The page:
The Oscars are My Super Bowl: A List of Movies to Watch to Get Ready


Photo found on Twitter @trialofchicago7

The Trial of the Chicago 7 is up for 6 Academy Awards.

Here’s a confession: I love the Oscars. Now, there’s nothing inherently shameful about loving the Academy Awards, but given their controversial and disappointing history, as a film fan, I should know better. Yet there’s something so irresistible about obsessively watching the major contenders as they get released and constantly updating prediction sheets accordingly. For cinephiles, the Oscars are our Super Bowl. We may not always like the teams that are playing, but we tune in regardless. 

This April, my beloved Oscars are getting an update. In response to the current disarray of our world, the ceremony has been pushed back and formerly binding rules regarding theatrical releases have been relaxed. Besides protecting avid moviegoers like myself, these changes are allowing a whole new audience to acquaint themselves with the joy of following the Oscars. Many of us have adopted a more “living room” lifestyle and now we have more and more of the year’s biggest Oscar contenders at our disposal. So, if you’ve always thought about giving the Oscars a chance, or have a sudden spark of interest, here’s a guide to the first round of releases:

The Front-Runners:

A month after each year’s Oscar ceremony, the new film season starts and a batch of front-runners begins to form. Over time the number of must-sees dwindles down and currently, some of the critic’s major front-runners such as Chloé Zhao’s Nomadland and Regina King’s One Night in Miami have yet to be seen outside of film festivals. However, don’t let that deter you.

Two of the year’s most discussed films are ready for your viewing pleasure on Netflix. Historical fiction has been a favored genre of the Academy for some time and The Trial of the Chicago 7 is a courtroom drama recounting the real-life story of the Vietnam War’s famed activist opponents. Directed by Aaron Sorkin, the film is a surefire Oscar favorite. What helps Chicago 7 stand out is how truly engaging it is, especially if you aren’t familiar with the case, as opposed to last year’s Ford V Ferrari, which was not fully realized and made for a lackluster and boring film.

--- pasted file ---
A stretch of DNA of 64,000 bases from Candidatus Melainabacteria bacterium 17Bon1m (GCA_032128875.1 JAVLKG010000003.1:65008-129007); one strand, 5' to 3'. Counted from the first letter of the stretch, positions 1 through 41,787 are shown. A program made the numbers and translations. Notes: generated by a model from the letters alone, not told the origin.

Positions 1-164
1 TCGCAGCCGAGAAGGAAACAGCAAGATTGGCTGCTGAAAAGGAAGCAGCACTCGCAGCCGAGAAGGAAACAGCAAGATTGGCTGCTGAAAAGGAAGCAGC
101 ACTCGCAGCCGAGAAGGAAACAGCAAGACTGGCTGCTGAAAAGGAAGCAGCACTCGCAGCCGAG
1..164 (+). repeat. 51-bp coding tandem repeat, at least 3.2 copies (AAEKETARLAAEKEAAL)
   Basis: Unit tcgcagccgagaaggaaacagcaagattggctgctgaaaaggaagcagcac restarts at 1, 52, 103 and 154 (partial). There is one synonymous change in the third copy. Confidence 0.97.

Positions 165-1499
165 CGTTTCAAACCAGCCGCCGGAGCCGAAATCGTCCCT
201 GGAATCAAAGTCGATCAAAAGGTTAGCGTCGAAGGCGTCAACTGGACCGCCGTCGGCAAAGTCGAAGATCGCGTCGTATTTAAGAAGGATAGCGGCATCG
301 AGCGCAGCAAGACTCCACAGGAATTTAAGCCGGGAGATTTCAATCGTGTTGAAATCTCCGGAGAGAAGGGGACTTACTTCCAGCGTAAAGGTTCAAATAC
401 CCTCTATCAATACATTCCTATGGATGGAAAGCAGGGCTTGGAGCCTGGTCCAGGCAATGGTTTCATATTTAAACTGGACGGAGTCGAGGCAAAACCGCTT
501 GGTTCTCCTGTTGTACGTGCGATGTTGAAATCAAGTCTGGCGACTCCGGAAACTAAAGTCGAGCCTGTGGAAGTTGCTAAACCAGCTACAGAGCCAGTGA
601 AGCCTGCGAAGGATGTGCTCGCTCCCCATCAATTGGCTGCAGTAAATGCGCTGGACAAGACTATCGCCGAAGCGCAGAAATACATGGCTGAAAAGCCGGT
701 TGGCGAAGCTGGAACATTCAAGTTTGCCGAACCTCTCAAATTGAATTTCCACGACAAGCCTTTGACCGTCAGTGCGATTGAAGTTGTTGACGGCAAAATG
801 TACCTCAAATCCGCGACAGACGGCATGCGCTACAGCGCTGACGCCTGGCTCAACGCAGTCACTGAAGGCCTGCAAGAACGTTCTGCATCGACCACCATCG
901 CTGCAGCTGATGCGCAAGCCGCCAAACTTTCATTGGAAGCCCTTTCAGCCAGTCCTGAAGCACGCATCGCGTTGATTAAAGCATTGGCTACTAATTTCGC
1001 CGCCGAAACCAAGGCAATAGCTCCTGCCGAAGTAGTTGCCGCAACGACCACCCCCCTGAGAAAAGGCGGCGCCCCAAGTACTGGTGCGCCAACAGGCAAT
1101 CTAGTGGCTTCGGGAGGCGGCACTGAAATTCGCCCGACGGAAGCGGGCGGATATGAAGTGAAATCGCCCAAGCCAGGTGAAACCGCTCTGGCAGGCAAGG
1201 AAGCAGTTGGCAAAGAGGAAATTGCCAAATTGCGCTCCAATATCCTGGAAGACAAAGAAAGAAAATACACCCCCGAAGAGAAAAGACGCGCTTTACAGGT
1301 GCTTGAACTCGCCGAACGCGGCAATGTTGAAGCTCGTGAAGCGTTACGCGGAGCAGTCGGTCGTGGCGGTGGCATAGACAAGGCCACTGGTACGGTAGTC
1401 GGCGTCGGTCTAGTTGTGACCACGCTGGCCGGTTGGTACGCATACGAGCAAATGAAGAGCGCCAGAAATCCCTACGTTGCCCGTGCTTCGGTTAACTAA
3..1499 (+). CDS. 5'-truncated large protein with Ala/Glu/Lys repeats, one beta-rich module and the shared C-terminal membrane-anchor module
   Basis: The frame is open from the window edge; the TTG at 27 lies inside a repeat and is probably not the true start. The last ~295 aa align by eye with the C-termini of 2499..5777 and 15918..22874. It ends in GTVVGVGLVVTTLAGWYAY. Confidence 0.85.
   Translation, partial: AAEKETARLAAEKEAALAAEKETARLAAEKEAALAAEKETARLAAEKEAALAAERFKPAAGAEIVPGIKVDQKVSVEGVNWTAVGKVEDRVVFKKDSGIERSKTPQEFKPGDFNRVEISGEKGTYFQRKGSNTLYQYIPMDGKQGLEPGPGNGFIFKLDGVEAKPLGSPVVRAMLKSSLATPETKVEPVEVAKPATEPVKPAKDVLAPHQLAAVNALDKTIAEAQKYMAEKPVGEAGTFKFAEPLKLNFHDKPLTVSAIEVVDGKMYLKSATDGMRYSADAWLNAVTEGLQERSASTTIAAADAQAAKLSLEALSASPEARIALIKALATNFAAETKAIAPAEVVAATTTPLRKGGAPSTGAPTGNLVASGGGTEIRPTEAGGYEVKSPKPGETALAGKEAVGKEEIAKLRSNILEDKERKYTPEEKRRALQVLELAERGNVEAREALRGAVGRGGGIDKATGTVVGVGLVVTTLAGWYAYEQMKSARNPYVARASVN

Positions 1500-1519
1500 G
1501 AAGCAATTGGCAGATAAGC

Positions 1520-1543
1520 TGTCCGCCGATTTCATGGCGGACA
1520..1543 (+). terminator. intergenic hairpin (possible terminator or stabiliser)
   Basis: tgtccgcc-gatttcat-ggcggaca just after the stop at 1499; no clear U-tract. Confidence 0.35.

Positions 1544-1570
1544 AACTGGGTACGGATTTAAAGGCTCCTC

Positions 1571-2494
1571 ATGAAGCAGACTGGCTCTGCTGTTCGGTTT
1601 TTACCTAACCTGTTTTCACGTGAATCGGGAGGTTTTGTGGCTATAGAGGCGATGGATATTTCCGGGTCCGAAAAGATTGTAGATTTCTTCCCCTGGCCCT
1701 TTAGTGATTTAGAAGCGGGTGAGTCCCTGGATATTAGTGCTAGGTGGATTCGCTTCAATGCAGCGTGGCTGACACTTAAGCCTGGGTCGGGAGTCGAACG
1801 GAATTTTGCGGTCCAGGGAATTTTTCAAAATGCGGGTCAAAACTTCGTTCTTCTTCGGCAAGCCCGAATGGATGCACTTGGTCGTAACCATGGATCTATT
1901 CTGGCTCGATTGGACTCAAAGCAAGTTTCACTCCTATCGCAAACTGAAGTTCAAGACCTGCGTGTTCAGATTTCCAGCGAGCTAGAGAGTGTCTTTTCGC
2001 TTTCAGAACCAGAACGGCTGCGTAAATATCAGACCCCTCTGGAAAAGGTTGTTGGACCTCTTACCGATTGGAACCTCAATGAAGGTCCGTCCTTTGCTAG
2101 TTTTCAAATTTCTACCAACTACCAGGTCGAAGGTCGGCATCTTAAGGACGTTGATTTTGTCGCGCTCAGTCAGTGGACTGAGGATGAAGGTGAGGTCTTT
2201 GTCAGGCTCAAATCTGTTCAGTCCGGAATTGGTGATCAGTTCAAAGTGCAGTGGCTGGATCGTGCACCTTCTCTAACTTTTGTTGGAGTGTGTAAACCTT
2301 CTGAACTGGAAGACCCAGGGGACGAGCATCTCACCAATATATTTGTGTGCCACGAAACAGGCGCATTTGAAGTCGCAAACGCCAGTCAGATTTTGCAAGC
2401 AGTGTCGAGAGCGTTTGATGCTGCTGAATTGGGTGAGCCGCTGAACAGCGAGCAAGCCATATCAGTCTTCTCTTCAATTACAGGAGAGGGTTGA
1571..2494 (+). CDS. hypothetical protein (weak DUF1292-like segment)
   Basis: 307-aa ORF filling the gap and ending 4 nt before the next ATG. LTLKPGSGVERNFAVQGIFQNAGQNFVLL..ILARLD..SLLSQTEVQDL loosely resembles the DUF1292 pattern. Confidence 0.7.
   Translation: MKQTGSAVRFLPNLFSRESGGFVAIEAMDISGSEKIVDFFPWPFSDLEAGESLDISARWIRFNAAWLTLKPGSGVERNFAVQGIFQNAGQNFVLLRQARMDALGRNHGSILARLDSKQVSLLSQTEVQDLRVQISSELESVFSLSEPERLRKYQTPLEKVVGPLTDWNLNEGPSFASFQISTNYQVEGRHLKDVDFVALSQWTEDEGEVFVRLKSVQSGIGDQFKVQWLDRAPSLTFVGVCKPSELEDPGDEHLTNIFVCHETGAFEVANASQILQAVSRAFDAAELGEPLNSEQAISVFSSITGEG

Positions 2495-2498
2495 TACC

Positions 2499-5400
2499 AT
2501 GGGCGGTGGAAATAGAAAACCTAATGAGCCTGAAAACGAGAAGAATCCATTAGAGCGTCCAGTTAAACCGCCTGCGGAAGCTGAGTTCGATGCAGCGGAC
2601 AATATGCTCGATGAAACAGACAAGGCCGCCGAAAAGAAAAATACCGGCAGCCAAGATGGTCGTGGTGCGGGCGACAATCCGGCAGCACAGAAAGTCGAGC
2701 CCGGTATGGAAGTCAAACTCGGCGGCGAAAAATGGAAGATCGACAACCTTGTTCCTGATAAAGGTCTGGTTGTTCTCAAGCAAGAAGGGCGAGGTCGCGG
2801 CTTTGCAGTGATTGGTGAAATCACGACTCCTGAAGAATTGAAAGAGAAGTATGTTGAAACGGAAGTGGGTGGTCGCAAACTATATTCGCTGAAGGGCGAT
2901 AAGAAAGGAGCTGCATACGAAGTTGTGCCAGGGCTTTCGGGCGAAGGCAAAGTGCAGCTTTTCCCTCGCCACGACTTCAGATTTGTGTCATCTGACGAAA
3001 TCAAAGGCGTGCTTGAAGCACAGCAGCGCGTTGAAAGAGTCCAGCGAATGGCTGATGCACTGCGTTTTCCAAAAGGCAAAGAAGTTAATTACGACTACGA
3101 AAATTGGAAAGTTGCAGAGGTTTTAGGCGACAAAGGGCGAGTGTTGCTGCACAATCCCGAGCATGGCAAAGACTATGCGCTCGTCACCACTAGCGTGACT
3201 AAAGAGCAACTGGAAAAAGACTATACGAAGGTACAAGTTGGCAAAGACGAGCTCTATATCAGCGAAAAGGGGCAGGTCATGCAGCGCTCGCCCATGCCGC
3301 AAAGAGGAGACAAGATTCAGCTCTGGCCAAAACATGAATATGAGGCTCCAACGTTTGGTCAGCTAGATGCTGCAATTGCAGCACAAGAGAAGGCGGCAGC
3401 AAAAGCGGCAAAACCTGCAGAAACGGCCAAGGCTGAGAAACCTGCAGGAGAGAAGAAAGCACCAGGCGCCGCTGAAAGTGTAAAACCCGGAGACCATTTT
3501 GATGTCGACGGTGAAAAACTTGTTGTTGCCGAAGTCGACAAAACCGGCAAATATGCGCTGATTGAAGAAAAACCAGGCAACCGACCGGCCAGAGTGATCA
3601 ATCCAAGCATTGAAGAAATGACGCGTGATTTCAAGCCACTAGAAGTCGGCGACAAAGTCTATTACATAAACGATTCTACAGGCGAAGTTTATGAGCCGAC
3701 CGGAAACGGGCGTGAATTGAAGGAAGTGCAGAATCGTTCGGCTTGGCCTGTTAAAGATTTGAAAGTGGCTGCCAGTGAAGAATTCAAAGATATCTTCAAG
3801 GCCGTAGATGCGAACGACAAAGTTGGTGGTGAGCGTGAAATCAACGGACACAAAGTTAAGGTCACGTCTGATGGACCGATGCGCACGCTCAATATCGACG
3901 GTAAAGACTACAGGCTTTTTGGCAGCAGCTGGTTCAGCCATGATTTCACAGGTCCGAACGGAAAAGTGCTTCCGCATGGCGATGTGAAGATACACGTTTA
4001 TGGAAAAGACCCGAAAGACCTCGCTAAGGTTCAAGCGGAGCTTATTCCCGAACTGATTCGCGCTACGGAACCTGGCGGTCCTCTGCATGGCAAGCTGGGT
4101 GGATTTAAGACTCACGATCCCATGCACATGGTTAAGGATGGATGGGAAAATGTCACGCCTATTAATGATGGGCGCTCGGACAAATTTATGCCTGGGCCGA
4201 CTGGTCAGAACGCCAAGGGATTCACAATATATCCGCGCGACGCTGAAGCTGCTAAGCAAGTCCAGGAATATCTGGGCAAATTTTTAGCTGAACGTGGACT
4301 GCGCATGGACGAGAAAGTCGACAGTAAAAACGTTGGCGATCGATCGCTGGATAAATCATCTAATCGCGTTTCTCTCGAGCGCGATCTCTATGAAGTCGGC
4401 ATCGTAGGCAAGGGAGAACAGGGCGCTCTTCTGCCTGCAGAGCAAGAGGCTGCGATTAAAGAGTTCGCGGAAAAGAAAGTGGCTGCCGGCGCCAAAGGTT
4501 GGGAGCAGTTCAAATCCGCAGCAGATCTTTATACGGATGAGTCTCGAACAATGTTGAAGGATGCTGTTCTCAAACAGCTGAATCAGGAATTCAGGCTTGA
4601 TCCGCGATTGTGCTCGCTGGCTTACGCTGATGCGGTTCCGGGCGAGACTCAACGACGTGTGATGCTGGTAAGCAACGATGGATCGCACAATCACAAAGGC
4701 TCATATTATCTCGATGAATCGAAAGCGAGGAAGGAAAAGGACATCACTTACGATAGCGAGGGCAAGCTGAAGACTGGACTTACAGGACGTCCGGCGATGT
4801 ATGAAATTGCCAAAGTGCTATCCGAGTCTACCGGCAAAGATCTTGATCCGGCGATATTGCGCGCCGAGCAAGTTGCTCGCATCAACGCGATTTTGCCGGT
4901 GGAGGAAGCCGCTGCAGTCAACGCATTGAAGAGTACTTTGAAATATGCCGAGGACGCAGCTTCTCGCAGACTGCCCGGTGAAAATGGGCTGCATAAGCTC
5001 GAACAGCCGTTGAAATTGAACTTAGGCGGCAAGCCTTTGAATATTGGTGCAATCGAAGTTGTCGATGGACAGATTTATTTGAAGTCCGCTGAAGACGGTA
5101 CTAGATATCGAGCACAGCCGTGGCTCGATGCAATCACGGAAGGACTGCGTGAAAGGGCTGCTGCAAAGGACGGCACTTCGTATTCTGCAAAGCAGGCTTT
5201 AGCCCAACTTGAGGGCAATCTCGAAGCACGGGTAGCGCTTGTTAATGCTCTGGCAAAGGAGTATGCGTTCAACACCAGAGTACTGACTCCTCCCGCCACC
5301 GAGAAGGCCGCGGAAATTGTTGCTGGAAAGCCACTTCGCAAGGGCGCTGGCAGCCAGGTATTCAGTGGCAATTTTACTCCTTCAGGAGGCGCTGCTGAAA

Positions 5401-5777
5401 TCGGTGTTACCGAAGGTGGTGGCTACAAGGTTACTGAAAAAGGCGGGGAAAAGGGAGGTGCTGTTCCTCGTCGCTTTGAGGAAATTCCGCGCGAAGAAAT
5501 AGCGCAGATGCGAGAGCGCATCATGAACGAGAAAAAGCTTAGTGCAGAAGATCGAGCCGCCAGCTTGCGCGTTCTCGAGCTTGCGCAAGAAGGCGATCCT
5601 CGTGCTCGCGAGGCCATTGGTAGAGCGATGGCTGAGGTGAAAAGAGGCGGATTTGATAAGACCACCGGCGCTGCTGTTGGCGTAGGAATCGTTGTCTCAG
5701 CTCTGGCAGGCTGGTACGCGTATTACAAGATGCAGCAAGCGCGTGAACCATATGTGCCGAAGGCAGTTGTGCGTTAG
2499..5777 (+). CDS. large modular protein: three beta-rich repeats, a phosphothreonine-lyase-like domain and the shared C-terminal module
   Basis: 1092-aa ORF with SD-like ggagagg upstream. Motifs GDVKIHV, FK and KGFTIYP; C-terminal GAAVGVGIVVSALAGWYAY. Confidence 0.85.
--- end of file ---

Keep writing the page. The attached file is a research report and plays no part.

Netflix also released another Oscar hopeful in David Fincher’s Mank. Similarly a historical drama but this time focusing on Hollywood’s favorite topic: Hollywood. The biopic about Citizen Kane screenwriter Herman J. Mankiewicz is more niche compared to Chicago 7 but makes up for it in the style department. It’s shot in black and white but manages to feel lavish, and its love letter to cinema is coupled with the right amount of commentary on Hollywood politics to not scorn any Academy members. Both Mank and Chicago 7 are classic Oscar picks, and a perfect place to start the Oscar viewing journey. 

Fizzled Out: 

While some of the mighty Oscar favorites manage to hold on until the very end, the once mighty often end up falling. Francis Lee’s period drama, Ammonite, is one of this year’s unlucky let downs. Ammonite was supposed to be a touching and emotional romance between Kate Winslet’s paleontologist, Mary Anning, and Saoirse Ronan’s Charlotte Murchison. Ammonite felt like an attempt to replicate the beauty of Portrait of A Lady on Fire, but with unfortunate results. Chemistry between the leads is virtually nonexistent, though not entirely their fault as the minimal script hardly gives them much to work with. The muted tones of the film’s atmosphere don’t do it any favors, simply adding to what is already uninspired.

In the same boat is Hillbilly Elegy, Netflix’s mega hyped tale on poverty that turned out to be a vapid mess. Supposedly a vehicle for stars Amy Adams and Glenn Close to finally win their deserved Oscars, the film fell flat on its face. Of course Ammonite and Hillbilly Elegy have their moments, but when attempting to see the year’s best and brightest, there are plenty of other places to look. 

The Underdogs: 

Some of my favorite types of movies usually fall short of Oscar glory. I love feel good films, but it’s a genre that is almost always snubbed come Oscar time. Comedies are similarly overlooked, making it seem like there’s some unwritten quota of sadness a film must contain in order to be “worthy” of an Oscar. (Which is probably true.) The Prom, the crown jewel of this year’s feel good genre, is a musical comedy about acceptance, love, and owning who you are. It’s radiant and joyous and a perfect antidote for the pain of today. It may not be an award shoo-in but if your quest can afford the detour, it’s more than worth the stop.

In the same vein is The Personal History of David Copperfield, an irreverent and colorful adaptation of Dickens’ novel. This zany take on the classic rags to riches story is hardly original, but feels distinct and inventive, an all around delight. Though both films aren’t traditional Academy material, they’re plenty worthy of a watch. The only thing better than getting to tell people that you finished your Oscar list, is getting to tell them that they missed out on a totally snubbed film. Or, who knows, one of these splendid underdogs could make it to top, and I promise you’ll be proud. 

Oscar season is undoubtedly one of my favorite times of the year and while I’m working through my list (I still haven’t seen Tenet…), I hope I’ve inspired you to make your own list (Oscar Nominees have been announced.), or at least watch the Awards show on Sunday, April 25th and have a better idea of the unbridled world that is the Oscars.